When you implement any kind of data governance practice, it’s crucial to consider how your policies and procedures will evolve over time. As your organization grows, so does your data. It makes sense that you must regularly iterate and improve your data policies to match.
That’s where change management comes in: a framework for managing changes to your data governance policies and procedures. In this post, we’ll run through change management as an end-to-end process. We’ll cover what it is, why it’s important, and the best practices for ensuring good data change management.
Ready? Let’s go.
What is change management?
Change management is a systematic approach to overseeing any changes to policies and procedures within an org. It's all about supporting and preparing your people to transition from your current state to a future state.
For data governance, change management helps you effectively manage changes to your data policies and procedures. This can include updating permission and access levels, implementing new data quality controls, or establishing new data governance roles and responsibilities.
Why does change implementation often fail?
If you want to implement any kind of change in your business, you must first determine why the change needs to happen in the first place. What are you trying to achieve? How will this change benefit your business?
Once you’ve settled on the overarching goal for your initiative, you can then put a plan in place. Knowledge of typical missteps can better inform your change management strategy.
Here are some common reasons why change failure occurs:
Poor communication. When people are not properly informed about changes, you risk misunderstanding, which could inspire employee resistance.
Lack of management buy-in. Without the support of upper management, it can be difficult to get the necessary resources and alignment.
System integration issues. When new changes can’t integrate with your existing systems, it can lead to technical problems and have a negative impact on your operations.
Inadequate training. Not properly training your employees on the change can lead to confusion, mistakes, and ultimately failure.
Lack of clear definition of what to change to. It’s important to communicate the desired end goal. Without it, it’s difficult to create a plan and measure success.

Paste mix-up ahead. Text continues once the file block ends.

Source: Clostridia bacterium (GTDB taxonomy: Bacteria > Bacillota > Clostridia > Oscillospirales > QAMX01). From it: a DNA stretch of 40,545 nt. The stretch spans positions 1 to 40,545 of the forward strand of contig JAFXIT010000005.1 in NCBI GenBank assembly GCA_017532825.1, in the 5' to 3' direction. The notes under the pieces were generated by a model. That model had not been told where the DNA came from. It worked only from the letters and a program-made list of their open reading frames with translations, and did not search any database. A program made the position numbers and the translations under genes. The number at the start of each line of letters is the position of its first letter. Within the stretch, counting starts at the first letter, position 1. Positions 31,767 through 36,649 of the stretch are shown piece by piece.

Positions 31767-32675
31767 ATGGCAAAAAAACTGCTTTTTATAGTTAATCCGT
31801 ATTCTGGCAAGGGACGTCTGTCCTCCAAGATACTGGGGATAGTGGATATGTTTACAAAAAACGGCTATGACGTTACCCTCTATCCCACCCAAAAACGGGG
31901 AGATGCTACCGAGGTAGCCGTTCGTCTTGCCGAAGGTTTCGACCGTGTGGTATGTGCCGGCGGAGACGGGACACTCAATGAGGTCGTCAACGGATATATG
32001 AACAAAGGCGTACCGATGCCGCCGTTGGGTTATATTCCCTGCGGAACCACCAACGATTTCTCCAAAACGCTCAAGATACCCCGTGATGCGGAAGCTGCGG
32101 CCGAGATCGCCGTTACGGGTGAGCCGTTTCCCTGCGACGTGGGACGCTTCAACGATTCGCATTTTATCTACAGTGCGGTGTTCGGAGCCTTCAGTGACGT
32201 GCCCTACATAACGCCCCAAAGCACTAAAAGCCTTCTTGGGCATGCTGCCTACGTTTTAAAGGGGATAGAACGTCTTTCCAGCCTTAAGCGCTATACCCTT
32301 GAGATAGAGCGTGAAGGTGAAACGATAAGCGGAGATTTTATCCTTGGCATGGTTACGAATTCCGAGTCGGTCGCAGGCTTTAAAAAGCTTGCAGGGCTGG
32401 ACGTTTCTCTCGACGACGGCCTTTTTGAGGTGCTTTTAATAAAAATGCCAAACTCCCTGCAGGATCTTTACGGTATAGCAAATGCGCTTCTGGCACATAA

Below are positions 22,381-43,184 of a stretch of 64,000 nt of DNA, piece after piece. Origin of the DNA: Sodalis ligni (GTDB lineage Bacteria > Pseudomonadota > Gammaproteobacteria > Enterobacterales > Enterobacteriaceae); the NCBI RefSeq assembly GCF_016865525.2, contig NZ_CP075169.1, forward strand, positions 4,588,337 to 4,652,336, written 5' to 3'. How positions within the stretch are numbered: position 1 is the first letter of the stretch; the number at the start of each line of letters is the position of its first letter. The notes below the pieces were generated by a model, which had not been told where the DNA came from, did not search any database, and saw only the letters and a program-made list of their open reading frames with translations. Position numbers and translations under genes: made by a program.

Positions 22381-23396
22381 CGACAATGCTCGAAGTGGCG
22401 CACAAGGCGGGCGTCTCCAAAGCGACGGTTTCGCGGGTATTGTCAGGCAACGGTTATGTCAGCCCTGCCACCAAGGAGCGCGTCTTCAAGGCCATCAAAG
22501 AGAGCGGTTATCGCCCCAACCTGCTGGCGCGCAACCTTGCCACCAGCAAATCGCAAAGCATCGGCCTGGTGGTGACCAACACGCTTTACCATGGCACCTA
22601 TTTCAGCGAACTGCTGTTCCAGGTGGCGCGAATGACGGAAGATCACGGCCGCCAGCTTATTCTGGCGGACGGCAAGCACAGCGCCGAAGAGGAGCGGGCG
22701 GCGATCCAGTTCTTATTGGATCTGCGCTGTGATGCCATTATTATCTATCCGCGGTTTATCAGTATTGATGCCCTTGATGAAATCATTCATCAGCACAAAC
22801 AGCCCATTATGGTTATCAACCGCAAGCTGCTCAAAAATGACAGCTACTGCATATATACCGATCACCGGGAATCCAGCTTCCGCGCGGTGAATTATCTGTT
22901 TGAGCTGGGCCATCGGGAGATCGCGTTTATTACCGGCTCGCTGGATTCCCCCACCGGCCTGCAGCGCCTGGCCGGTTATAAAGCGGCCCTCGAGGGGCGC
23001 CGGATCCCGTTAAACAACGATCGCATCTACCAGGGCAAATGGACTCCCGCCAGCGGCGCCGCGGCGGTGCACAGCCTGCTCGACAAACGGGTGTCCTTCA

6 best practices for great data change management
Good data change management is crucial for the success of an organization's data governance policies. Here are some practical steps that you can take to ensure good change management in your data governance approach.
1. Roll out your change initiative in phases
Without a robust change management strategy, you could negatively impact your business. You risk moving too fast during a delicate transition period.
To manage any data changes, it’s essential to follow these three phases:
Plan phase: Define project success criteria and align them with your overall goals. Review your data maturity model and identify goals for the next 12-18 months.
Launch phase: Implement your change management strategy. Start by consolidating your plans. Then, give early adopters access to the tool while establishing a feedback loop for continuous improvement.
Scale phase: Use the feedback from early adopters to make necessary improvements. After that, you can roll out the change to your entire organization.
2. Maintain one source of truth
It's crucial that everyone uses the same data to make decisions. By storing data in a central location, you can ensure everyone is accessing the same information. It also makes it easier to keep data clean, normalized, and consistent across all data sources. Designate roles and responsibilities for stakeholders.
3. Set roles and responsibilities for all stakeholders
You need to define what every stakeholder owns in your change management process. This will ensure that your data is managed in a consistent and controlled way.
You can learn about the most commonly assigned roles and responsibilities in our other blog post.
4. Review and approve updates to your dataset– always
It is important to review and approve any updates made to datasets before implementing them across the organization. This includes adding or modifying event definitions and names, or deleting/archiving events. This is particularly important when dealing with multiple data sources, as the names must match downstream in the analytics tool.
Don’t forget to communicate to stakeholders which events have been reviewed and approved so they use the right events and properties in their queries.
5. Maintain history logs
History logs provide detailed records of all changes made to your data and the associated policies and procedures. This helps you easily identify and troubleshoot any issues that may arise, such as data quality problems, incorrect data usage, or policy violations.
6. Regularly audit your dataset
Scheduling regular dataset audits ensures data accuracy, relevance, and reliability. As time goes by, data can become outdated, inaccurate, or redundant. Regular audits help proactively identify and address these issues before they become problems. This helps keep data valuable for decision-making.
Audits involve reviewing data for accuracy and relevance, identifying any issues, and taking corrective action. Cleaning up redundant or outdated data can also help streamline data processing and reduce storage costs.
When it comes to change management, you can’t just set it and forget it. It’s important to consider how your policies and procedures will evolve over time. It’s your trusty framework for managing any changes to your data governance practices so you can keep things sailing smoothly.
Don’t underestimate the power of a smooth transition from old processes to new ones. By following the best practices laid out in this post, you can ensure your organization continues to grow and scale, all while achieving goals with valuable insight.